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E. Katie Gammill, AKC Judge/Exhibition Editor


The chaos of Christmas can overwhelm an already stressed new puppy and no ETHICAL BREEDER will sell a puppy to be given as a perhaps, unwelcome Christmas gift.


The stressful season can overtake the pleasure of having the puppy, causing him to suffer needlessly. He's the most vulnerable among all presents, it is best to wait until after the Holidays so a normal routine can be established.


The stressful season can overtake the pleasure of having the puppy, causing him to suffer needlessly. He's the most vulnerable among all presents, it is best to wait until after the Holidays so a normal routine can be established.


There is a solution in how to “give” a puppy at Christmas. Introduce the puppy once excitement has worn down and there is time to enjoy and accommodate his needs bearing in mind the following points:


1.  Young puppies need to sleep 14-16 hours of every 24 hours in order to develop and grow.


2.  Baby puppies must be taken outside after they eat, nap, play and wake up. They need to relive themselves due to a small bladder and this can require hourly attention. Do not scold your puppy for mistakes; discipline at this age may have a negative reaction regarding your bonding with your puppy properly.


3.  Puppies cannot tolerate cold weather. The constant temperature before birth is 99 degrees. Once born, most breeders provide heat so puppies don’t become chilled during the first 8 weeks. Exposure time outside of this environment is limited. Most Christmas puppy’s feet have never touched grass, let alone snow and ice. They have no experience with inclement weather such as snow, wind, rain or sleet.


4.  Puppies are quickly lost in the excitement when unwrapping gifts. They may eat an ornament, a wire ribbon, tree needles, dye or glitter from paper, staples, or tape.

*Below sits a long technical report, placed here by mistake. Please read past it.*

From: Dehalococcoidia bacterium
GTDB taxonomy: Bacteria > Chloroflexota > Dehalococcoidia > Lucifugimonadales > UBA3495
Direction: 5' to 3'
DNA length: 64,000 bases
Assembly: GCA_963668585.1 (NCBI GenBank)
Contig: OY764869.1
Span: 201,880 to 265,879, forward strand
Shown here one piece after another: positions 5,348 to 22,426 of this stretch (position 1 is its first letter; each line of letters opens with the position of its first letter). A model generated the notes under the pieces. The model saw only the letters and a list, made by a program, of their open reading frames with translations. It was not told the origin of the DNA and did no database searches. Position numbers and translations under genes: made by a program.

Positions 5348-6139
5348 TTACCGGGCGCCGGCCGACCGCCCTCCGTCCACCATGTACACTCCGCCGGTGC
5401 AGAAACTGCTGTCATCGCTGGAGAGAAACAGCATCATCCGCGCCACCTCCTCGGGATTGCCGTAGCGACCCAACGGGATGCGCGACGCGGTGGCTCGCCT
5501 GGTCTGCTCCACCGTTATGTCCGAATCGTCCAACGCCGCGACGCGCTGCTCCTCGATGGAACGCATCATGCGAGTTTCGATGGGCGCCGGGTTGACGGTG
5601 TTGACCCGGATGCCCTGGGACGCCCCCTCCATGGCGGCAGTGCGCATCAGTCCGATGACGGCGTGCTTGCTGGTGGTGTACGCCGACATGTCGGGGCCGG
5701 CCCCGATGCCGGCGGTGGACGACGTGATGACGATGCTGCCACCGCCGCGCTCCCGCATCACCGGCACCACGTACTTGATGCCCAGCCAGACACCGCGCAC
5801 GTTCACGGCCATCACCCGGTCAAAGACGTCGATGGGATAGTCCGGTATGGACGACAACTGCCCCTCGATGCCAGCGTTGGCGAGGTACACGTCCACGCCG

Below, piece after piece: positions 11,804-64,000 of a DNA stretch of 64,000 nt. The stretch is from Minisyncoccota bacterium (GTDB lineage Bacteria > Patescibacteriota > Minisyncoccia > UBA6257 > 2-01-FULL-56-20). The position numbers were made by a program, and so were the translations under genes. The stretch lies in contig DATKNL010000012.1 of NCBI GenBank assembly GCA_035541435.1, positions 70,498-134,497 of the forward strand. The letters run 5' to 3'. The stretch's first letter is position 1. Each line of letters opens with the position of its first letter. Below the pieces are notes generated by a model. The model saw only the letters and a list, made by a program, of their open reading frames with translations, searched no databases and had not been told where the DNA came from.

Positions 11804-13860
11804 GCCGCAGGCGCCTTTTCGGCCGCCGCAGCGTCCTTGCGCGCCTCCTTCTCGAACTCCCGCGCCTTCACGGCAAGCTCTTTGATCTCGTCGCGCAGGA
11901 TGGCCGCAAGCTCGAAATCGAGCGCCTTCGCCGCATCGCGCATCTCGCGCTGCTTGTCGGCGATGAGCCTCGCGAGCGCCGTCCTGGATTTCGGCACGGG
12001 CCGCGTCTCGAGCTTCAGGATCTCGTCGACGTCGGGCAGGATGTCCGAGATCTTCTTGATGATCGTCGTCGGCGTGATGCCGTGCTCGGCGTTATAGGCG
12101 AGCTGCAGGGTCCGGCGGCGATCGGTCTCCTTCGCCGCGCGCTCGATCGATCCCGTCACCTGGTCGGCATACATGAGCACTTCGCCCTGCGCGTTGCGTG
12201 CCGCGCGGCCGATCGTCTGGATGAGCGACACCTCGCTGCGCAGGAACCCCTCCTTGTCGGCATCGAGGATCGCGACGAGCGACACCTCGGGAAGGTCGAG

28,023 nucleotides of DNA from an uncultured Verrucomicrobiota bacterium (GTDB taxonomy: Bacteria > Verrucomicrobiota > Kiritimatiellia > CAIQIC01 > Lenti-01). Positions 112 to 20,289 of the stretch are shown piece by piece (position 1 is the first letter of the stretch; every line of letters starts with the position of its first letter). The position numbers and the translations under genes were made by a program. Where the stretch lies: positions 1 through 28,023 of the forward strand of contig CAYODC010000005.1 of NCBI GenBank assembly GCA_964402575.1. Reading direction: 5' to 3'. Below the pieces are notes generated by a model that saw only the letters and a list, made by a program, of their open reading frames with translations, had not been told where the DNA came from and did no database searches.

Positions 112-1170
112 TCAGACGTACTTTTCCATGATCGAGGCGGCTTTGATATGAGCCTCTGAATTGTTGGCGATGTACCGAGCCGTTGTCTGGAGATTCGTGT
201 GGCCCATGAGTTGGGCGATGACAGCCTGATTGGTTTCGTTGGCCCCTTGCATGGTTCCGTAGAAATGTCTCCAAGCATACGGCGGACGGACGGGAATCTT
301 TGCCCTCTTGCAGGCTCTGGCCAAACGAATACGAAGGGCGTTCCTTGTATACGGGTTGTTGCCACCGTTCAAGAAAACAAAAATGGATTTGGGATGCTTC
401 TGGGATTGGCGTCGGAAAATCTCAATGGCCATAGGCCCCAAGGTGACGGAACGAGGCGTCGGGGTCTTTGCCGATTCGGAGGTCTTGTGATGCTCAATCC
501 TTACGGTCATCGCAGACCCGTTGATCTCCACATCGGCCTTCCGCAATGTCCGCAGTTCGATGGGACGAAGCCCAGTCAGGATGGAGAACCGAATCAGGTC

5.  Puppy may be lost beneath wrapping paper and get stepped on or go unnoticed out a door. OR worse, they may be left outside and forgotten!  Puppy feet quickly freeze to icy surfaces and left to the elements, their time is limited.


6.  Puppies cannot eat rich left over’s, chocolate, liquor, grapes, raisins, and especially NO artificial sweetener such as Xylitol which can result in death.


7.  Loud voices, music, and horse play are very disturbing to a young puppy. Do not allow visitors to bring their pets into your home at Christmas if a new puppy is present. The older dog may become aggressive and injure your puppy. IF a child holds your puppy, make them sit on the floor. Puppies can easily leap out of arms and become injured.



If you locate a puppy just for your family, visit the breeder and take a picture. Make a deposit (or pay for) your puppy. Take the picture, a leash and collar, puppy bowls, and toys and place them in a Holiday bag to present to them on Christmas day.


To avoid frustration, pick your puppy up after the Holiday and present it in person to its new owner. Both you and your puppy will be much happier.


Puppies normally aren’t sold until 8 weeks of age. Spending time with the littermates and their mother teaches them discipline and manners. By taking them sooner, they may fail to developed “bite inhibition.” Toy or extra small puppies need to remain with the litter until approximately 12 weeks of age due to frailness, possible hypoglycemia, and temperature regulation.


Inoculations should be current. Puppy should have been wormed. At 12 weeks visit the veterinarian to set up a vaccine and worming schedule. Many inoculations do NOT address all contagious diseases, so keep your puppy isolated from other dogs until it is fully vaccinated. Take a stool sample to your first appoint so the veterinarian can check for internal parasites.


Reputable breeders will furnish you with information regarding registration, house breaking, crate training, and give you a “leg up” on all the do’s and don’ts. By following these instructions, you will build a much better relationship with your pet. Your breeder will be there to answer all your questions and give you support during those puppy days. In fact, most breeders love to hear about the development and achievements of the dog they bred “just for you”. Remember, your special puppy will become your life long companion, so puppyhood is very important and is a positive step toward your future relationship. EST 1998 © Nov 2011 - 1312161-D2112



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